Speaker: Dr Nick Lane, University College London.
All complex life on Earth shares a common ancestor that arose just once in 4 billion years of evolution. This didn't happen as a result of a change in environmental conditions but in a ‘freak accident’ in which one bacterium got inside another one, and eventually evolved in mitochondria, the ‘powerhouses’ of all complex cells. That released the energetic constraints that kept bacteria simple for 4 billion years, and enabled the evolution of enormous complexity in plants and animals.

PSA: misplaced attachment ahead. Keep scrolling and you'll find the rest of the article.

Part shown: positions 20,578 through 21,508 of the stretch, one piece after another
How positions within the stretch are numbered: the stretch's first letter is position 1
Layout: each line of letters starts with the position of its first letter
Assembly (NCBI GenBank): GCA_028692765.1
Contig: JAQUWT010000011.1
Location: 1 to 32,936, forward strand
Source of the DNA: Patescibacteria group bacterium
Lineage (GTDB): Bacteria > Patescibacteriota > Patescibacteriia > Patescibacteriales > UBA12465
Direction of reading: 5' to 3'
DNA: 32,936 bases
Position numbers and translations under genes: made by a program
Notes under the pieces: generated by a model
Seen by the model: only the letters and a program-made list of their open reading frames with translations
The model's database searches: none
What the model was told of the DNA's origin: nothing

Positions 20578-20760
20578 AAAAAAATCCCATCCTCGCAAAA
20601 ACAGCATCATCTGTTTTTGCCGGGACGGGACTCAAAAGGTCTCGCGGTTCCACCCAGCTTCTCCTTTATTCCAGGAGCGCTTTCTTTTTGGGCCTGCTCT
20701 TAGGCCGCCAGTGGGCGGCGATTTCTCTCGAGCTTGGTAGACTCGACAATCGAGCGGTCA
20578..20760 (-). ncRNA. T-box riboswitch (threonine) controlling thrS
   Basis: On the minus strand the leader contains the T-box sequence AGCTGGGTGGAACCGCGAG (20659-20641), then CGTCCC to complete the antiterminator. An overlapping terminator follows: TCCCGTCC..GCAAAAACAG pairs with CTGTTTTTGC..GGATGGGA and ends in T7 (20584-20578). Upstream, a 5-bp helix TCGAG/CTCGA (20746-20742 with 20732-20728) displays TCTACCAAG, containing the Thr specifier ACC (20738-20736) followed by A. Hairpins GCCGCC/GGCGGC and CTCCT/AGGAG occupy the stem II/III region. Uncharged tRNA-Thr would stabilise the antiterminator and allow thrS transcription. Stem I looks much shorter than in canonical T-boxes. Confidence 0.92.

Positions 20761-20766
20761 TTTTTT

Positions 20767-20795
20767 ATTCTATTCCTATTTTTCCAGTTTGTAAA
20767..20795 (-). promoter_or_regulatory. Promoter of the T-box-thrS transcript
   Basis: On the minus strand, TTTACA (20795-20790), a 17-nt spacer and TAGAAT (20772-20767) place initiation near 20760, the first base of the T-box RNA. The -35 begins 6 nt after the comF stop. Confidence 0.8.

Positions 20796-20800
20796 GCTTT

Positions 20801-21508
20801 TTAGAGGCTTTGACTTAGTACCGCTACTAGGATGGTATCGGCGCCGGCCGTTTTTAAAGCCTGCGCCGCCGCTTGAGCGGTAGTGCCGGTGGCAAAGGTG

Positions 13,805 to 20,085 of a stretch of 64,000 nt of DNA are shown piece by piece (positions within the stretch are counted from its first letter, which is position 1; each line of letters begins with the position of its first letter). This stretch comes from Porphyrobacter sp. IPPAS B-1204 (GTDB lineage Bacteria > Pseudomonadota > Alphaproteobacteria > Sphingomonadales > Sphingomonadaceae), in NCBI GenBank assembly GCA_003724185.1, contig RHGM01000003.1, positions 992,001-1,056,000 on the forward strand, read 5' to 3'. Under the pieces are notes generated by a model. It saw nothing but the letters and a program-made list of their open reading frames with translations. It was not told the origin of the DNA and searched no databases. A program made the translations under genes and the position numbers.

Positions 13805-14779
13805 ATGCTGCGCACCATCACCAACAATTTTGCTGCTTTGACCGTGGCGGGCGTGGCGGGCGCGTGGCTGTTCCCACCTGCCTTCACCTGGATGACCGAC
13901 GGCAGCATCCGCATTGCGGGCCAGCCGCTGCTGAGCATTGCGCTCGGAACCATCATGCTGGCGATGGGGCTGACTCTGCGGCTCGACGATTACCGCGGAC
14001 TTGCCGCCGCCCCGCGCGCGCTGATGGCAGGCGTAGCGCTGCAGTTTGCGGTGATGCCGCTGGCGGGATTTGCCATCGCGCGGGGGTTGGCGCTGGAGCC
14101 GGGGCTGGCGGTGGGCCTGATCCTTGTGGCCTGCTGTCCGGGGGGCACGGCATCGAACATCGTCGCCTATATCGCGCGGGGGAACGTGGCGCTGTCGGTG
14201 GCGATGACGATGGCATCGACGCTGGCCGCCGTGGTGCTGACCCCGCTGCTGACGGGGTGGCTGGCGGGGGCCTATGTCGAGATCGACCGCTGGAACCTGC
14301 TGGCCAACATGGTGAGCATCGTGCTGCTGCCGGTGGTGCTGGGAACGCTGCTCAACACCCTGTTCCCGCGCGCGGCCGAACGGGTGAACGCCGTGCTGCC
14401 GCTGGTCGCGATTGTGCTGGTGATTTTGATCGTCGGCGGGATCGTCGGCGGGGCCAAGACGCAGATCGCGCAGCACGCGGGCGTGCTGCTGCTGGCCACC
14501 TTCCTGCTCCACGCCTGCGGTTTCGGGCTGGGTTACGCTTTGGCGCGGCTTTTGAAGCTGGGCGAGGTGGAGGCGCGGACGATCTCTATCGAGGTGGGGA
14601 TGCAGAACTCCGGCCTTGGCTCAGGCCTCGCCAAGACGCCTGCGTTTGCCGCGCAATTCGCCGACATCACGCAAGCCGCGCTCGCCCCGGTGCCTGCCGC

Nick is the winner
of the Royal Society Prize for Science Books 2010 for Life Ascending: The
Ten Great Inventions of Evolution. The book charted the history of life on
Earth by describing the ten greatest inventions of life, based on their
historical impact, their importance in living organisms and their iconic
The lecture is free but booking is essential to attend.
More information will appear on the School of Biological and Marine Sciences web pages in due course.